At a time when big-ticket Indian startups have come under the spotlight for soaring losses, fintech major CRED’s founder and CEO Kunal Shah has said that the Indian fintech ecosystem would not have experienced its current levels of growth without these loss-making companies.
“Unless we had these loss-making companies, we would have not seen the fintech growth that we have seen so far,” Shah said during Global Fintech Fest 2023.
Speaking at the Global Fintech Fest 2023, Shah emphasized that such companies have been instrumental in driving the growth of the UPI as they help establish distribution networks and foster a positive change in consumer behavior.
While speaking with CNBC-TV18’s Shereen Bhan, Shah urged people to shift their focus from celebrating “unicorns” to lauding founders who have built profitable enterprises without relying heavily on capital.
“Stop worshipping unicorns, they are mythical.. We should not celebrate people like Kunal Shah way more than we should be celebrating hundreds of founders who have built very very profitable companies who are not even known. The country always had entrepreneurial spirit, it is the capital that is a new thing,” added Shah.
The CRED founder also noted that the country’s startup ecosystem was entering a ‘very problematic time’ where founders believed that business could be built without capital. He further noted that raising serious capital, going forward, would require some traction and demonstration of product-market fit by startups.
Expressing optimism about the fintech space, Shah said that financial services have the potential to make money. He added that he was ‘lucky’ to have investors who helped him build his company at scale and focus on credit And credit cards.
He also estimated that a majority of Indian unicorns that have a revenue run rate in excess of $100 Mn – $200 Mn are fintechs. The CRED founder also claimed that nearly 40% of 183 Indian companies, with more than INR 1,000 Cr profit after tax (PAT), were within the financial services sector.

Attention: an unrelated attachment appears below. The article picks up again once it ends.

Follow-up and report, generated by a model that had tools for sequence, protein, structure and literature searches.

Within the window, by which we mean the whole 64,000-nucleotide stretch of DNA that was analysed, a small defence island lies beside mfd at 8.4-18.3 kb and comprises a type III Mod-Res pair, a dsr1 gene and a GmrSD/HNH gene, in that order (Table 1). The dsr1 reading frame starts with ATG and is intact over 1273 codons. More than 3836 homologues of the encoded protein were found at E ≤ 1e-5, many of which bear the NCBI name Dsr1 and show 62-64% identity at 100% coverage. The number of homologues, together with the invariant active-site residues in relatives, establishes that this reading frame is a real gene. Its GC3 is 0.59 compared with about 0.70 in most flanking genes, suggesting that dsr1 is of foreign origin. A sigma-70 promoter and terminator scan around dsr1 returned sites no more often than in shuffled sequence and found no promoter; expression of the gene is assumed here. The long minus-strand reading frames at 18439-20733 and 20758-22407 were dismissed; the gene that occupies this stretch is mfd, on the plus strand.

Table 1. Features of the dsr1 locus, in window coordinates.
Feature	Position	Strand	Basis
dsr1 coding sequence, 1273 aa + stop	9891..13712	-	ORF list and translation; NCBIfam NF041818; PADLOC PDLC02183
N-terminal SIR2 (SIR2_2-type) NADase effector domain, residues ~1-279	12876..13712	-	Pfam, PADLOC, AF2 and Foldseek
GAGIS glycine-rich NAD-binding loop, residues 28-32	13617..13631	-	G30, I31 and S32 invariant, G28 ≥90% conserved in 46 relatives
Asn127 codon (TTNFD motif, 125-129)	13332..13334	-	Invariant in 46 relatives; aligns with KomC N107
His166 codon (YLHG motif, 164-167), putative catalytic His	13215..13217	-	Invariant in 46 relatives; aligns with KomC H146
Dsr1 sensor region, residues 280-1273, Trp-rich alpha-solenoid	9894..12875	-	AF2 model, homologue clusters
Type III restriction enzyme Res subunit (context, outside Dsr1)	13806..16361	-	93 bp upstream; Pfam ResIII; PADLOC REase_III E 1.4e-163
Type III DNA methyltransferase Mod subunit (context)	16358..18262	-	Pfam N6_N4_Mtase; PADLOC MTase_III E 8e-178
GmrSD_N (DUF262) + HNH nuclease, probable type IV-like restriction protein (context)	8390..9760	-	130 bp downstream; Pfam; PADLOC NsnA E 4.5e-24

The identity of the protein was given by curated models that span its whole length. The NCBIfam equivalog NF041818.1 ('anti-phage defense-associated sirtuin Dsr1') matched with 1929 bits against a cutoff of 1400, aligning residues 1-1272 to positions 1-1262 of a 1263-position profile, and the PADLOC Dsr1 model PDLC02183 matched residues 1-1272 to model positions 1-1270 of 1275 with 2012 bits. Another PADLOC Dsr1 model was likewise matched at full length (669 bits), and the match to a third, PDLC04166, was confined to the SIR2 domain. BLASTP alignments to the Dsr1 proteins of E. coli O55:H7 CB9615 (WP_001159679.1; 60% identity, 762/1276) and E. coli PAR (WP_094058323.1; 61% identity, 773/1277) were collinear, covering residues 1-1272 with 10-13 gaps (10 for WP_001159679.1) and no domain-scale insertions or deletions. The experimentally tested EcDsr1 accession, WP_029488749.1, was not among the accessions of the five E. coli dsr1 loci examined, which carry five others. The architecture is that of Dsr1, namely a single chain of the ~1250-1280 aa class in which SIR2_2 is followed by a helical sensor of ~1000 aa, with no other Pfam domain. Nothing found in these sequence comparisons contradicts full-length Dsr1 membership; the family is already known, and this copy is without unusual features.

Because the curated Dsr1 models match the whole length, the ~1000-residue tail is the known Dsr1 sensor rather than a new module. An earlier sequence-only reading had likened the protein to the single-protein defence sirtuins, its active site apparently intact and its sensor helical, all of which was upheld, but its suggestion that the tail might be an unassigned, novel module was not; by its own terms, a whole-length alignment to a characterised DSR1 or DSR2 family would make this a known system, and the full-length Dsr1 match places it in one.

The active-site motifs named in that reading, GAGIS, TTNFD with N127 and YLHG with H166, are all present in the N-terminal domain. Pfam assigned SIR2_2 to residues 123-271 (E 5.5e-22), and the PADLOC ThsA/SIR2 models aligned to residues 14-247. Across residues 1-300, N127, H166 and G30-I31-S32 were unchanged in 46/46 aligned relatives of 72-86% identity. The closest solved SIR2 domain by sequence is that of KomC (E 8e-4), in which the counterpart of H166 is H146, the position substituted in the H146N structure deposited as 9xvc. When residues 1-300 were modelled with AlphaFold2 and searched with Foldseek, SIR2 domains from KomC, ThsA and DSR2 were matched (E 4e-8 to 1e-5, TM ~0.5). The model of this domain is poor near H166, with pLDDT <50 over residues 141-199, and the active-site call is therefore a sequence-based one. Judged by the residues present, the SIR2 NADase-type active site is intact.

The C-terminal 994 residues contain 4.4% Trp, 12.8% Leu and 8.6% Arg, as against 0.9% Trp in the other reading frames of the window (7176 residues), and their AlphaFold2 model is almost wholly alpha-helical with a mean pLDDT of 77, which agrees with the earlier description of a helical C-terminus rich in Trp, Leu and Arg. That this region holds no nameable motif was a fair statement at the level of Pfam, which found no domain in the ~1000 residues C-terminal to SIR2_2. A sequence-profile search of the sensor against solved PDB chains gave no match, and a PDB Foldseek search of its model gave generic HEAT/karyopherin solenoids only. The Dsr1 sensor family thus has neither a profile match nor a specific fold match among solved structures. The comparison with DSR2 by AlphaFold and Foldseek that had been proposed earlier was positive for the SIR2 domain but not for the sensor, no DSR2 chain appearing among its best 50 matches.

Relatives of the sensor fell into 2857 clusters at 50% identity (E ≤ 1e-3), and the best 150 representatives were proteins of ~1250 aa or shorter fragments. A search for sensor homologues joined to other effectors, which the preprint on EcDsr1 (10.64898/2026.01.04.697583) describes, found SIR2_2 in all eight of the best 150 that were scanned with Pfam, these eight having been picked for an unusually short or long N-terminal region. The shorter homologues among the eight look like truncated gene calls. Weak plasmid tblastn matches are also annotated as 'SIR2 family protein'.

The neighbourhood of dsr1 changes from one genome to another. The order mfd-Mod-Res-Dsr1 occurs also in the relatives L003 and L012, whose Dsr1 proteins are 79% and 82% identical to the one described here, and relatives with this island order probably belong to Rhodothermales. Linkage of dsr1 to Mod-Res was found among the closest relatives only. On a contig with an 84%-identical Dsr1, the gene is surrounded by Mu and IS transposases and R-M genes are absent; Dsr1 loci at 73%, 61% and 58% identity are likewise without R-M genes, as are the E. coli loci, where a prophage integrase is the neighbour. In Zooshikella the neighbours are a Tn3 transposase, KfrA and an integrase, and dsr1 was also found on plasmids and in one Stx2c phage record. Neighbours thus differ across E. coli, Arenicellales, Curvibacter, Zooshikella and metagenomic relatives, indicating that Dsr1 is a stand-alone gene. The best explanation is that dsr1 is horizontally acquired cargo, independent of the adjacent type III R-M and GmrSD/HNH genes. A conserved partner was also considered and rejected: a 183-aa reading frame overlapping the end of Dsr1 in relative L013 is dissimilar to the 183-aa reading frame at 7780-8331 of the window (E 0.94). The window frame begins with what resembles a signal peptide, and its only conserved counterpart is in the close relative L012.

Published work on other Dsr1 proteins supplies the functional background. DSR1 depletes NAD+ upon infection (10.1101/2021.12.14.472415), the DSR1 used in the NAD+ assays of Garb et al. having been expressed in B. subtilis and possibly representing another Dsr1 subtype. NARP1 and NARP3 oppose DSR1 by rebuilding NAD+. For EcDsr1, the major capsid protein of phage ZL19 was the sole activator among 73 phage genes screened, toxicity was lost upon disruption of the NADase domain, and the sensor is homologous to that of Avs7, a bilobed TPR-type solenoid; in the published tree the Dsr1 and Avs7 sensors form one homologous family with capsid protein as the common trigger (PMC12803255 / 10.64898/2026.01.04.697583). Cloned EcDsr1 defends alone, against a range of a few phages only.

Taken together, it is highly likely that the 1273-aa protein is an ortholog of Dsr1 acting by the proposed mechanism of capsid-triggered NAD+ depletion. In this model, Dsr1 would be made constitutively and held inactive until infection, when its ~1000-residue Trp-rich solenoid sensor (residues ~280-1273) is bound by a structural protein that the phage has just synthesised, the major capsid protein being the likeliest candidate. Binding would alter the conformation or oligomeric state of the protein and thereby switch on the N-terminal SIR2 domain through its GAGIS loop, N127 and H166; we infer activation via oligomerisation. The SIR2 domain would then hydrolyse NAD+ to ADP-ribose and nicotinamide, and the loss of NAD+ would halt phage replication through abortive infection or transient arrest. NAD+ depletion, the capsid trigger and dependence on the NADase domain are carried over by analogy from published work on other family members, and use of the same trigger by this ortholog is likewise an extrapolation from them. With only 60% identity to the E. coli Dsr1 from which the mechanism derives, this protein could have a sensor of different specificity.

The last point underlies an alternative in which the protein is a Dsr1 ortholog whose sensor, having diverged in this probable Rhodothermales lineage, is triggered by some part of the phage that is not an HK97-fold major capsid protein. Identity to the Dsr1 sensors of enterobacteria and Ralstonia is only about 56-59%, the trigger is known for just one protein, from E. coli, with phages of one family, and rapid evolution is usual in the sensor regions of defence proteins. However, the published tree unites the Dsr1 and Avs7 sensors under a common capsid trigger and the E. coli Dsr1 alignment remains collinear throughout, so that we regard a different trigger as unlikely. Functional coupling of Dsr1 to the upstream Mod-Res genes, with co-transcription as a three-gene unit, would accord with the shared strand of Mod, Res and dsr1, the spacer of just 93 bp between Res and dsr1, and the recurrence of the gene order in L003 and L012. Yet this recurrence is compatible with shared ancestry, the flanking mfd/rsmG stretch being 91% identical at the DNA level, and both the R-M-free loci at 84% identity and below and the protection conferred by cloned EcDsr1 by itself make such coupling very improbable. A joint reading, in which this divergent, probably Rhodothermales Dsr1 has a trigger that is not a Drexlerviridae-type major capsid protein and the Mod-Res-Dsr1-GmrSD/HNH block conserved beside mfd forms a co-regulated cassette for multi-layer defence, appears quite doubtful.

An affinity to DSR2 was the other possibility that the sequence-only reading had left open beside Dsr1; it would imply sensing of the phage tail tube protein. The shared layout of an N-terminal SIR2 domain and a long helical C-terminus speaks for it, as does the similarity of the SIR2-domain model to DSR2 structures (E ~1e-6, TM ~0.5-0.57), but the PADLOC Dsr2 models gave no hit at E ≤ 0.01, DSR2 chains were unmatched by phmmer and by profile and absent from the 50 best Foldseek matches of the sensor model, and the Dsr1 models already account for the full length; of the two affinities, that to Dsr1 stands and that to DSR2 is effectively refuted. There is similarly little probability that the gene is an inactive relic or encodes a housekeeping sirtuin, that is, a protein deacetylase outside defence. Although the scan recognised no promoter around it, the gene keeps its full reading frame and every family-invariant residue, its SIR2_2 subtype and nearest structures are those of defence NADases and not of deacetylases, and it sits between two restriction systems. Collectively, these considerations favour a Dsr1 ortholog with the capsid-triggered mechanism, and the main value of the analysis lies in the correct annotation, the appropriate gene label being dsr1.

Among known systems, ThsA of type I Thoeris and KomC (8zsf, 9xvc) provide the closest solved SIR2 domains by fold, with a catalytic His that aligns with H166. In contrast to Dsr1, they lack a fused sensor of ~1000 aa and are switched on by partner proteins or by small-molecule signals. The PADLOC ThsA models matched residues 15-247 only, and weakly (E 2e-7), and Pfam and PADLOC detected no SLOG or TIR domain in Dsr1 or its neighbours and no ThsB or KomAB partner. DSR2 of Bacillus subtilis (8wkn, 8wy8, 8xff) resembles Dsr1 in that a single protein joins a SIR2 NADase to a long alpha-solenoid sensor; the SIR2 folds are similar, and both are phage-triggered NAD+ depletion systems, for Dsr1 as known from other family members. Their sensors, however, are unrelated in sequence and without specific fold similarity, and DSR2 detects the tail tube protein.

Curiously, CRED continues to be a loss-making entity. The fintech startup saw its losses balloon more than 2.4X year-on-year (YoY) to INR 1,279 Cr during the financial year 2021-22 (FY22), compared to INR 524 Cr in FY21. On the other hand, revenue from operations jumped 4.4X to INR 393.5 Cr in FY22 from INR 88.6 Cr in the previous fiscal.
Pegged at a valuation of $6.4 Bn and having raised over $800 Mn in funding till date, CRED counts marquee names such as Singapore’s sovereign wealth fund GIC, Sequoia Capital, Tiger Global and Alpha Wave as its investors.
Despite a long list of influential backers, CRED, just like its peers, has been facing heat from its investor ecosystem as losses mount with a sustainable path to profitability. As a result, the fintech juggernaut has tried to get its act together in the past few months.
From venturing into the UPI space to strengthening its lending play, CRED has taken a host of measures to alternate revenue streams while looking to monetise existing channels. It has also undertaken a slew of launches, from venturing into luxury travel space with CRED escapes to unveiling its buy-now-pay-later (BNPL) service, called CRED Flash. It also rolled out a tap-to-pay offering for retail payments using credit cards.
While primarily banking on its product sophistication and design so far to distinguish itself from other players in the market, the mounting pressure for profits was evident as it laid off about 35% of its subsidiary Happay’s workforce earlier this year.
However, CRED is not alone in this. Financial data analysed by Inc42 of 48 fintech unicorns and soonicorns revealed that a majority, 40, posted losses in FY22. Besides, top 28 Indian fintech startups, 13 unicorns and 15 soonicorns, surveyed by Inc42 splurged INR 5,495.16 Cr in FY22 on marketing expenses even as funding winter continued to grip the ecosystem.
As capital drought continues to batter the ecosystem, the focus appears to be back on generating profitable numbers. With Shah and investors now betting on the startups making moolah, it remains to be seen whether sanity returns to the markets as local players chart a clear path to sustainable growth.
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